The Good Life Elsewhere is a very funny book. It is also a very sad one. Moldovan writer Vladimir Lorchenkov tells the story of a group of villagers and their tragicomic efforts, against all odds and at any cost, to emigrate from Europe’s most impoverished nation to Italy for work. The Good Life Elsewhere aims to present the complexity of a new Europe, where allegiances shift but memories are rooted in place. The book integrates small-scale human follies with strategic partnerships, unification plans, and the Soviet legacies that still hang over the former Eastern Bloc. Lorchenkov addresses the vexing question of what to do when many formerly pro-Soviet/pro-Russia countries want to link arms with their Western European brethren. In this uproarious tale, an Orthodox priest is deserted by his wife for an art-dealing atheist; a mechanic redesigns his tractor for travel by air and sea; thousands of villagers take to the road on a modern-day religious crusade to make it to the promised land of Italy; meanwhile, politicians remain politicians.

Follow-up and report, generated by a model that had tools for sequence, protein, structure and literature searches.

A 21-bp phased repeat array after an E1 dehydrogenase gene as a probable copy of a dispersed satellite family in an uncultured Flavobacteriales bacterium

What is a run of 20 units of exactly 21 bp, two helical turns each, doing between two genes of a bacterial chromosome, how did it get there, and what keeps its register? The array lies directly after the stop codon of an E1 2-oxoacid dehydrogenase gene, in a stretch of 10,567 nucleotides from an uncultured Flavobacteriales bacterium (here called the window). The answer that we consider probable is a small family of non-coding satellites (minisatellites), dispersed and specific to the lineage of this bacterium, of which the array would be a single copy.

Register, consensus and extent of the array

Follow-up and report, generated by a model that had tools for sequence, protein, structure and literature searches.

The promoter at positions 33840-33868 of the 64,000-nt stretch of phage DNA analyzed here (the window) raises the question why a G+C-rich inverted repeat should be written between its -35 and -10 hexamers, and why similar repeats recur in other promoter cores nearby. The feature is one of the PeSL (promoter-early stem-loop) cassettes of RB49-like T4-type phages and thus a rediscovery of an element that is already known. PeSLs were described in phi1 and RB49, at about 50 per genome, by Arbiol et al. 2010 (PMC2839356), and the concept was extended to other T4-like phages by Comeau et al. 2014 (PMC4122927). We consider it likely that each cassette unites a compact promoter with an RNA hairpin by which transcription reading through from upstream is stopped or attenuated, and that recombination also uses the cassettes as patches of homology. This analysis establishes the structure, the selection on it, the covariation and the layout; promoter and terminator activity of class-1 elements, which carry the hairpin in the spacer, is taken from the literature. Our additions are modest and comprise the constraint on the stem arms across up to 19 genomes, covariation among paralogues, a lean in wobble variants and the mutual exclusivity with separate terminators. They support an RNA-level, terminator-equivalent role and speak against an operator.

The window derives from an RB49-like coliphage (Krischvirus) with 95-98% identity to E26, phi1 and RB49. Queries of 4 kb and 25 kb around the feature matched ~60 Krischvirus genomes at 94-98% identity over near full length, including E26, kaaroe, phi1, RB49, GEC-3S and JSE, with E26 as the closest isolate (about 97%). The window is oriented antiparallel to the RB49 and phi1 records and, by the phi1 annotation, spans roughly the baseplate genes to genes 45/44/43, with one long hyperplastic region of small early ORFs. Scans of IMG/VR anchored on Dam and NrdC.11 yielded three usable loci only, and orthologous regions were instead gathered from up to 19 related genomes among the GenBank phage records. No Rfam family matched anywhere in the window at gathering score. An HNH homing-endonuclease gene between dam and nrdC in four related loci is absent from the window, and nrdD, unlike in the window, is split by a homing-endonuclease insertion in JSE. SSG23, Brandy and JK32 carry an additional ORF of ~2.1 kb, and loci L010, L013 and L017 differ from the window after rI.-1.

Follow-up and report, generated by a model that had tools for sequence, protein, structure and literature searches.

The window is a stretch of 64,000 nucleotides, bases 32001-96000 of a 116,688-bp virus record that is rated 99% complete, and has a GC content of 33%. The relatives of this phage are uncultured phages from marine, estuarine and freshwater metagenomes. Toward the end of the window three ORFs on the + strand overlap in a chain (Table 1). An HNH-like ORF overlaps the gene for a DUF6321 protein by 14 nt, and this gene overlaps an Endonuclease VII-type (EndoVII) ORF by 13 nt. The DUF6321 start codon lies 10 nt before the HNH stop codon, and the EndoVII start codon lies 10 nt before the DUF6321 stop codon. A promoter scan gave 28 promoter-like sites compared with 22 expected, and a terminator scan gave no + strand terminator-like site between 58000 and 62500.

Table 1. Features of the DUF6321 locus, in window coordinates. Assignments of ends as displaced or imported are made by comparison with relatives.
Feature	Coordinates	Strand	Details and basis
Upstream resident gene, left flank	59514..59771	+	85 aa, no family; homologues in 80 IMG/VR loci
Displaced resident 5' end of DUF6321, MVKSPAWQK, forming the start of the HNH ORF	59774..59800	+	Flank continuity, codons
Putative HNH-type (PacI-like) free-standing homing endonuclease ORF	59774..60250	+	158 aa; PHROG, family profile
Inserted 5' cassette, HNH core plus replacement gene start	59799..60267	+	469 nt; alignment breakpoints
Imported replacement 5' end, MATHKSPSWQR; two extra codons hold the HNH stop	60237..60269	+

Like many great satirists from Voltaire to Gogol to Vonnegut, Lorchenkov makes use of the grotesque to both horrify us and help us laugh. It is not often that stories from forgotten countries such as Moldova reach us in the English-speaking world. A country where 25 percent of its population works abroad, where remittances make up nearly 40 percent of the GDP, where alcohol consumption per capita is the highest in the world, and which has the lowest per capita income in all of Europe – this is a country that surely has its problems. But, as Lorchenkov vividly shows, it’s a country whose residents don’t easily give up.
Russian critics have praised Lorchenkov’s work, calling this novel “a bleeding, wild work, grotesque in every twist of its plot and in every character, written brightly, bitterly, humorously, and – paradoxically, as we’re dealing with the grotesque – honestly.” In The Good Life Elsewhere, Vladimir Lorchenkov shows himself to be a fearless critic, an enduring optimist, and a master stylist. And he does it all “in vivid colors, with a pamphleteer’s spite, and a good-humored smile.”